Quote

I would NOT accept any medication from ANY doctor without knowing the name of the medicine. 

Maybe you don't understand. It's not like the medicines are unmarked and I don't know what I am taking. 

As I posted, in the exam room he would not  -- per hospital requirements NOT because of a single doctor -- tell me the names of the medicines. I had to go to the cashier first and pay, THEN I could pick up the medicines that he prescribed. So I then knew what he'd given me. 

 

I was asked beforehand if I was allergic to any medicines and if I was taking anything. 

 

Edited by Trujillo

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You can always ask to see the bill before you hand over the money.

Then you can see what the medicine is.  Hand them back the bill, make 

some excuse, and walk away.  Will they be pissed?  Oh, plenty, but who gives AF what some cashier thinks?

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The problem with that is that you do need to pay for having seen the doctor, and any tests that were conducted.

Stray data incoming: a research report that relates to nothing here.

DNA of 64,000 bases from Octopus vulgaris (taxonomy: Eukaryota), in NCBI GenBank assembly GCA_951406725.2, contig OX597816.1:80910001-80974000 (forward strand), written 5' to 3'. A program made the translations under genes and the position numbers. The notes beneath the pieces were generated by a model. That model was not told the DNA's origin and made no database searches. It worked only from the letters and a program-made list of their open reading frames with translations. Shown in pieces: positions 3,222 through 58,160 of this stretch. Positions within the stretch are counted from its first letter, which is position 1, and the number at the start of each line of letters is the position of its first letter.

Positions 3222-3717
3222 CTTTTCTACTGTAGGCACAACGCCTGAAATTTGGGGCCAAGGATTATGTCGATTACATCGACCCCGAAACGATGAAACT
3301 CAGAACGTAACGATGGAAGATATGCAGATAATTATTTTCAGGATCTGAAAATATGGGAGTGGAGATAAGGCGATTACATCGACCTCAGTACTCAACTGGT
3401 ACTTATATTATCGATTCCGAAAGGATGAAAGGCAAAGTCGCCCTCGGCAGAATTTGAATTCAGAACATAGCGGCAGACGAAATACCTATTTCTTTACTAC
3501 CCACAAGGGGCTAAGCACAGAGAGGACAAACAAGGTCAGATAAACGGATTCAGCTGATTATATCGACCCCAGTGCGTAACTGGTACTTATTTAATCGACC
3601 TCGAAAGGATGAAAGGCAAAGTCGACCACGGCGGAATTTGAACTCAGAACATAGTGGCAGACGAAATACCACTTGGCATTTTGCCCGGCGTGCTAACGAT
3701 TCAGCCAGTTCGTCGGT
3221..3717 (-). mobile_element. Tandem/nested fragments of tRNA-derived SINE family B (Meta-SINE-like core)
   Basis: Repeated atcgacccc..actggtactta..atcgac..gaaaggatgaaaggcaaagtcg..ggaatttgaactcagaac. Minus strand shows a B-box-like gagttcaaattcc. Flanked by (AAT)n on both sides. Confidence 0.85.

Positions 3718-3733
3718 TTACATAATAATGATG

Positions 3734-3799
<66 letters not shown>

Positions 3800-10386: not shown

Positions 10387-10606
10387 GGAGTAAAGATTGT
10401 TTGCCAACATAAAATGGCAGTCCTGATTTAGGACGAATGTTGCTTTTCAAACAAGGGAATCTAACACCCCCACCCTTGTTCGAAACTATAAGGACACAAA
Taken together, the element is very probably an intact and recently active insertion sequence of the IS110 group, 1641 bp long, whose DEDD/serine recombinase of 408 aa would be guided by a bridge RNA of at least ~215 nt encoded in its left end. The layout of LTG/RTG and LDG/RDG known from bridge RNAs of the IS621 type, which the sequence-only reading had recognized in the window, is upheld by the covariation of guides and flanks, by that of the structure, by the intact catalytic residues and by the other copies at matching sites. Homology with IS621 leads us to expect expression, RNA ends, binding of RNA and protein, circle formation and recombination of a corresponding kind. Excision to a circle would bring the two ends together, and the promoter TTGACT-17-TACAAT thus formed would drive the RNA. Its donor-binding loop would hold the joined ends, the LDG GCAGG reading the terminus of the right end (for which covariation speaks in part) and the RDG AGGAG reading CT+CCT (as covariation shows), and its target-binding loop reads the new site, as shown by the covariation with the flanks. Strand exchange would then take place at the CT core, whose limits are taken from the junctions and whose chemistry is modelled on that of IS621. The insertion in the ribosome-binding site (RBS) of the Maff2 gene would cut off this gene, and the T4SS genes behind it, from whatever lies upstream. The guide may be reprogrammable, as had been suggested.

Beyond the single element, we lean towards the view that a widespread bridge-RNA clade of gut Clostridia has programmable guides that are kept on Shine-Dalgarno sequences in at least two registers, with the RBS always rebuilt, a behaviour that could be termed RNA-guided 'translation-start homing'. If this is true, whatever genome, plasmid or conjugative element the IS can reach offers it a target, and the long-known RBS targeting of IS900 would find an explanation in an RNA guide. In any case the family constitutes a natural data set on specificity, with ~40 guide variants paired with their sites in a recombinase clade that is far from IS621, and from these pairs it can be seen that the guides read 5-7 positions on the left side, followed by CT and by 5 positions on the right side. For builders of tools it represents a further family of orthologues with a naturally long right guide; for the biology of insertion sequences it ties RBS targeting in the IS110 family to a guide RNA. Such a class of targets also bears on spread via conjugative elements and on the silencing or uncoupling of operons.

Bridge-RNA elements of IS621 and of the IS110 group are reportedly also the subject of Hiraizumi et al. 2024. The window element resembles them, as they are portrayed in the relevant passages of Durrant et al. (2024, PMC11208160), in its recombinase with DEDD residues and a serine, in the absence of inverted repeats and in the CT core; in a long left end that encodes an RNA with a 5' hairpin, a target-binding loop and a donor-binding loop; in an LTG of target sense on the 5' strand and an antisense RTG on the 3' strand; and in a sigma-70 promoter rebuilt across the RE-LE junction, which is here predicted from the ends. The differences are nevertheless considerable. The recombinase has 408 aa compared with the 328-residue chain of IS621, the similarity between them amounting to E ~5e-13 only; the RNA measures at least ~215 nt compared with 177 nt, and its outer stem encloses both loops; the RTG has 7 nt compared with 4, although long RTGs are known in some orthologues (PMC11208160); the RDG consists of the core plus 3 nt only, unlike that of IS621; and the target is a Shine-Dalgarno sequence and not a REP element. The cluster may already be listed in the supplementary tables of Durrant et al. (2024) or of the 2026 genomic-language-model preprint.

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Hospitals and their greed again. The hospital can't force you to buy drugs from them. The Dept of Trade has instructed them to allow patients to buy from a drug store. They are also supposed to post the prices of their drugs. Lots of luck enforcing it though as the penalty fines are too small.

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On ‎8‎/‎10‎/‎2019 at 8:53 PM, FolkGuitar said:

I would NOT accept any medication from ANY doctor without knowing the name of the medicine. That is absurd! And I find it ludicrous that any physician would even suggest such a thing!  What if you take this medication and develop a severe reaction to it while away from that particular hospital? The first question you (or your conscious relative) will be asked is "Are you taking any medications?" How the hell are you supposed to answer that if your doctor won't tell you its name? To me, this is highly dangerous and tantamount to malpractice!

LOL. That is Thailand. You're lucky if the Dr explains anything.

Re buying the drugs at the hospital; given the cost of seeing a Dr is so cheap, they probably need the pharmacy profits to subsidise the hospital, which I wouldn't gripe about. The cost of seeing a Dr in New Zealand is a rip off, IMO. Over $40 and get so little time that one doesn't even get half way through the problems and told to come back again ( and pay again ).

BTW, $40 is quite low; some places charge over $60. So much for the welfare state in NZ!